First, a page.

There were countless slogans sprayed and written on the walls, but this was one of the most bizarre. It translates as; "CAR BODY VEHICLE FISH PROSTITUTE SAME DRIVE SHAFT SAME THING." Confused? Me too!
Perhaps the author was a bit of a Dadaist.

An artist had painted this construction vehicle in a flamboyant pink colour.
It was one of the neatest attractions in Gezi Park.

A tongue-in-cheek "offline Twitter" activity in the park.
You simply came by and wrote what you were thinking in a Twitter-like format.

"Istanbul, the capital of three empires. Birth, 8000 BC, Death, Kanal Istanbul"

The "Gezi Park Masjid," an Islamic prayer tent operated by a group of self-titled "Anti-Capitalist Muslims."

This naive German guy ran a "video corner," filming people's ideas about what they'd change in the world.

A makeshift tent built out of iron bunk-beds and bedsheets.

The famous "Gezi Park Library," where people could exchange and borrow books freely. Too bad most books were self-help books, or outdated political pap.

A burnt-out media van outside Gezi Park.

A "nursing and child-care tent" in Gezi Park.

Banners of fringe socialist groups flutter above the barricade outside the park.

The AKM, an opera house next to Gezi Park, was decorated with all manner of anti-government and left-wing posters.
For many, this was the iconic image of the Gezi Park protests.

Activists and visitors enjoying a historic moment atop the AKM.

Tents inside Gezi Park.

An utopian "free food stand" was handing out cookies and bread to people in the park.

This tent belonged to animal rights and environment activists. One of their placards read: "Our purpose is mercy for all life, without separation between people, nature and animals."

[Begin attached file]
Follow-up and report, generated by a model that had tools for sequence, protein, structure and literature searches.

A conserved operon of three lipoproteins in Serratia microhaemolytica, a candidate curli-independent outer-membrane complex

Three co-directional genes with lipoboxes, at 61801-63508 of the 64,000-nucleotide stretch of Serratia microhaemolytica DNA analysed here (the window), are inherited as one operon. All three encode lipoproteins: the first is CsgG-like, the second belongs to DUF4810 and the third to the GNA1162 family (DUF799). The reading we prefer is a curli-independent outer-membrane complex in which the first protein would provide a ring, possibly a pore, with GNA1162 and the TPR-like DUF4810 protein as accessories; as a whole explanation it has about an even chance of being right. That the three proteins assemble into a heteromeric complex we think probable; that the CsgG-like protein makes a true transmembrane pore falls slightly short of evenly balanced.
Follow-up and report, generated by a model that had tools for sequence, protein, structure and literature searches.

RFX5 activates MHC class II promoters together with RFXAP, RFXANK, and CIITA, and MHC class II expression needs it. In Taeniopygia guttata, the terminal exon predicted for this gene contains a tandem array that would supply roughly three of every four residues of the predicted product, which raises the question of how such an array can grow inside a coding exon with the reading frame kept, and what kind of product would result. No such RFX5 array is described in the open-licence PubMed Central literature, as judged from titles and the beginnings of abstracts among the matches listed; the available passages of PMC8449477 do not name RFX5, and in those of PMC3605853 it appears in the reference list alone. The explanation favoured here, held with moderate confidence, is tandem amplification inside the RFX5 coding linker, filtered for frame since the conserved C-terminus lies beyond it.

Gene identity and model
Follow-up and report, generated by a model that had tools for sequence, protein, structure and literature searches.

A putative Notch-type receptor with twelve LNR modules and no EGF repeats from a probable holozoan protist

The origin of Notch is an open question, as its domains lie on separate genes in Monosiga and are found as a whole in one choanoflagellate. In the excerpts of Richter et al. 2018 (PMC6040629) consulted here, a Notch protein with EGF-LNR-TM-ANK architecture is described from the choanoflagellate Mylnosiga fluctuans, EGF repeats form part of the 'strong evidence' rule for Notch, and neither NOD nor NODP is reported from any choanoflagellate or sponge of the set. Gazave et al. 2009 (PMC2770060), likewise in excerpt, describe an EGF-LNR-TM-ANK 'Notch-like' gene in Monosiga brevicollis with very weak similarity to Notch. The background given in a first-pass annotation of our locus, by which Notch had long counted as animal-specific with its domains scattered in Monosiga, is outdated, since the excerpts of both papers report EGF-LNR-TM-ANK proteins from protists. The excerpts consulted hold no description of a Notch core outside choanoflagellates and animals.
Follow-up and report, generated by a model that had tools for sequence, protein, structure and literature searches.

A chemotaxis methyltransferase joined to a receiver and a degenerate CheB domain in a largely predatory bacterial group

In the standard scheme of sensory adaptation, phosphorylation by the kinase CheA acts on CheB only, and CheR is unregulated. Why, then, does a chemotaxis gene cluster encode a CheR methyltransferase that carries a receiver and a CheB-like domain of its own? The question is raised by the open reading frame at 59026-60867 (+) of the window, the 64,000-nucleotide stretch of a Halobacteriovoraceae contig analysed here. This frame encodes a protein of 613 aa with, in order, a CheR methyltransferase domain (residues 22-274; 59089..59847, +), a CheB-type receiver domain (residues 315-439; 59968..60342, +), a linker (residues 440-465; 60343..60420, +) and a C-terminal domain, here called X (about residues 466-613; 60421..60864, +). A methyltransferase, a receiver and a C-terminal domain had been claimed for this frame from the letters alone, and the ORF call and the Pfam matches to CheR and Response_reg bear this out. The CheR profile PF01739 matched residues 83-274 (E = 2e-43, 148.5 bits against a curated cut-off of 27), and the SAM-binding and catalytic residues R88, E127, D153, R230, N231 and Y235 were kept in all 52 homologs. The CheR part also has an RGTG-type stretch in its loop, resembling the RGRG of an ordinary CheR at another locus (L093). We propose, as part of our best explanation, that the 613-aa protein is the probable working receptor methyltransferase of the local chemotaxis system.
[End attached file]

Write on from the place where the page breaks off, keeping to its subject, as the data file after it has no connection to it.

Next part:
A voluntary translators' association was offering free services to journalists and foreign visitors.

An "art favela" tent inside Gezi Park.

This neon-pink plastic piglet, placed on top of a makeshift "organic garden" in one corner of the park, was one of the last images I shot in the final day of Gezi Park's occupation. Fifteen minutes after I took this picture, a massive incursion by police forces evacuated the park, and everything you saw in the previous pictures was swept away.

I also filmed a mini-documentary about the protests, you can watch it here:

The years after Gezi Park was one of uncertainty and gloom for Turkey. There was a hotly-contested municipal election, right in the wake of massive corruption and wire-tapping scandals, none of which seemed to hurt the present government's strength or then-prime-minister Erdo─čan's popularity. In the passing years, Turkey has become a polarized society with an uncertain future, and a growing risk of isolation from the world.

Looking back, I feel that Gezi Park was an acute manifestation of a generation war - between the old, rural or small-town "governor" mentality (complete with the Islamic cultural baggage common to Turkey,) and a new generation of urban, computer-literate youth with more-or-less liberal values. With an education system that offers no real prospects, a serious imbalance of opportunities between the rich and the poor, and the government encroaching on their basic freedoms, (freedom of information, sexual liberty, freedom from religion, etc.) the future looks bleak to Turkey's liberal-minded youth. I wonder when, if ever, this outlook will change.